Sow some unusual tomatoes

Nothing can beat the taste of your freshly picked fruit!

Start your tasty toms now

by Ian Hodgson |
Published on

While many like to get going with their tomatoes early – in February or even in January, especially if they’re growing them solely in a warm greenhouse, there’s still plenty of time this month and into next to sow yours.

If you have space, try growing classic cordon tomatoes (tall types that you tie in to supports), or for more compact gardens, smaller bush varieties might be best. It may seem like you need thoroughly green fingers, but tomato growing is very simple – you’ll need to cosset them through their growing season though, feeding and watering evenly throughout – they can’t be neglected or they’ll develop problems down the line.

Seed germinates well, so only sow what you need – or you’ll be giving away lots of free plants! No bad thing, of course.

Sown now you’ll be able to plant your tomatoes out once all risk of frost has passed in your area, or much earlier if you’re growing indoors in a frost-free greenhouse. Sow in small pots of seed compost, keep on the windowsill at around 18C (64F) and keep the compost just moist before growing on.

There’s nothing like the flavour of a fresh tomato; those bland, watery ones from the supermarket have nothing on the amazing range of colours, sizes and shapes you can grow at home, so why not give it a go? Here are some exciting varieties to try this year, for beginners and accomplished gardeners alike.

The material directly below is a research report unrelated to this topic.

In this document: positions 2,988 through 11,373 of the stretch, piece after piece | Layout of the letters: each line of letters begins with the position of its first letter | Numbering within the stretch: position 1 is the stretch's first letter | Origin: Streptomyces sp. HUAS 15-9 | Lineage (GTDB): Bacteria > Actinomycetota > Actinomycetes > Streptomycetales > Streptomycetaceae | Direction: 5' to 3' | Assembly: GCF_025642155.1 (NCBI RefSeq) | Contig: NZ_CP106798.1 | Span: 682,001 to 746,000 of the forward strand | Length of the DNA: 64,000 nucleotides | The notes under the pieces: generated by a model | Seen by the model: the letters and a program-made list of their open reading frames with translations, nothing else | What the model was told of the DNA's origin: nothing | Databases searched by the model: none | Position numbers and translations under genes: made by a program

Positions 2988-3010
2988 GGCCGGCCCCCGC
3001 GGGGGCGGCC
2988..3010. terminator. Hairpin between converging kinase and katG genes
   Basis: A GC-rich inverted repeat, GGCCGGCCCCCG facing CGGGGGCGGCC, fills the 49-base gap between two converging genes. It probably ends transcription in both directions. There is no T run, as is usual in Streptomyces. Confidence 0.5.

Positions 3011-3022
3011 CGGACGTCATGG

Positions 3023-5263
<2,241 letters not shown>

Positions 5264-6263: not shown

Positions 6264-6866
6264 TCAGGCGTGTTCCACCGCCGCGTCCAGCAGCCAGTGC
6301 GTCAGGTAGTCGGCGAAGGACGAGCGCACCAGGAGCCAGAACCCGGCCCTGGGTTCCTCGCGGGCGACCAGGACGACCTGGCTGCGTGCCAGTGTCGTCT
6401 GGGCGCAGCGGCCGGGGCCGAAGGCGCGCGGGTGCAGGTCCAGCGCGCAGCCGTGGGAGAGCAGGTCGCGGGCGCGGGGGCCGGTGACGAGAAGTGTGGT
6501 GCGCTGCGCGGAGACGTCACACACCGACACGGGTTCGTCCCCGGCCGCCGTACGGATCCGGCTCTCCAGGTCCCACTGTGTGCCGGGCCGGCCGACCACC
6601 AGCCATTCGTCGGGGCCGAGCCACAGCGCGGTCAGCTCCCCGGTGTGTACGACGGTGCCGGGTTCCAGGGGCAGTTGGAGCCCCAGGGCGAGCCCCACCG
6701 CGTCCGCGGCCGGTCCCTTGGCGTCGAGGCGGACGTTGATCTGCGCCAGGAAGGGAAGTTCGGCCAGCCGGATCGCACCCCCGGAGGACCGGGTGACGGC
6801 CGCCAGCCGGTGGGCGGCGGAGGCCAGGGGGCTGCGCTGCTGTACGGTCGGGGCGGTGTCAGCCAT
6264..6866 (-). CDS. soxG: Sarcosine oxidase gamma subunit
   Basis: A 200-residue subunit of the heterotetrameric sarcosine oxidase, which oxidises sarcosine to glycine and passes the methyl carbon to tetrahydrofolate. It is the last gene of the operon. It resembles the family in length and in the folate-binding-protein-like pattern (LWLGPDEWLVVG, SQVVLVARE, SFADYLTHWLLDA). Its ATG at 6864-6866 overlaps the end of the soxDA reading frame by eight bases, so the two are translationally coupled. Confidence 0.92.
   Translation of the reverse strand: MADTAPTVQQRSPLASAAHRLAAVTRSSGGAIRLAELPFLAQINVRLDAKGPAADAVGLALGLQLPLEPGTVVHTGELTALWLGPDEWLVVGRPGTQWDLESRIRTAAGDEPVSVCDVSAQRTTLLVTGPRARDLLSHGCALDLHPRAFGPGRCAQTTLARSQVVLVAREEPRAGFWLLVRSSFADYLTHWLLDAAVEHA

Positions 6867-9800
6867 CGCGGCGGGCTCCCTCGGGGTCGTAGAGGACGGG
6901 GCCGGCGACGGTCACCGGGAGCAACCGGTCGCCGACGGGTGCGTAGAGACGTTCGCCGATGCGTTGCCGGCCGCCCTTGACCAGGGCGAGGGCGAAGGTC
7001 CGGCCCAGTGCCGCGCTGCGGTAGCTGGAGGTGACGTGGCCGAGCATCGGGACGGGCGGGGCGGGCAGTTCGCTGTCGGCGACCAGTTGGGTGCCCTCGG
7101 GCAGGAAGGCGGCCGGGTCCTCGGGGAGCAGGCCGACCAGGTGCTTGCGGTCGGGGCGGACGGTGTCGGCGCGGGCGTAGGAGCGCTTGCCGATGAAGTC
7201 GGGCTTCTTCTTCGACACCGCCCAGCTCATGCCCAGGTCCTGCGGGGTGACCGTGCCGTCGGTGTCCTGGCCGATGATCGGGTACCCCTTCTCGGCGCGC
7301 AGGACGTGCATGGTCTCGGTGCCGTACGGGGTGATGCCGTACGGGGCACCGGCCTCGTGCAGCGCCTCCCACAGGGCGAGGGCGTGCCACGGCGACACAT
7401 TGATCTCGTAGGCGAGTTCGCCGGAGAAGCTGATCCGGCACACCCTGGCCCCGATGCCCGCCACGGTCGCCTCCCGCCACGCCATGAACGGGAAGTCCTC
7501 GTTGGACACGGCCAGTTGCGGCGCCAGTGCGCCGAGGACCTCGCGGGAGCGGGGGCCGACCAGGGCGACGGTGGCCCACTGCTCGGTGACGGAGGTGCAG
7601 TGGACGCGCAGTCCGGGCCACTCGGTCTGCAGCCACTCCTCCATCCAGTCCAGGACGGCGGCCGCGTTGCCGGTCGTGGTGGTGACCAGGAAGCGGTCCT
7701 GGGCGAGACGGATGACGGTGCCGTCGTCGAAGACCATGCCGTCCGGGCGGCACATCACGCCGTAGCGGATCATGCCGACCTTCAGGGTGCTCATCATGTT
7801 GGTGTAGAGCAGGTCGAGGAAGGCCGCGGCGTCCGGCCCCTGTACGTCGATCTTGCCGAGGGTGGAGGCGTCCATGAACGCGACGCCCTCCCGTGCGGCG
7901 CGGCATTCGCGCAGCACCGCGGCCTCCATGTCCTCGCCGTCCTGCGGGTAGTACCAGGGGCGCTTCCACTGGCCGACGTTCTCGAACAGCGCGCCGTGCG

Click on the gallery below for our pick of the tomatoes to sow now


Our pick of tomatoes to sow now

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CREDIT: Shutterstock

‘Blue Bayou’

Stunning tomato, with richly coloured, dark navy-blue to purple fruits. Cordon variety.

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CREDIT: Shutterstock

‘San Marzano’

Grow your own taste of Italy. Large, meaty, plum-shaped cordon for sauce-making.

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‘Banana Legs’

A quirky heritage cordon with banana-like fruit that matures to orange.

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CREDIT: Shutterstock

‘Green Zebra’

Green-striped skin turns yellowish on ripening but maintains stripes. Distinctive flavour, cordon.

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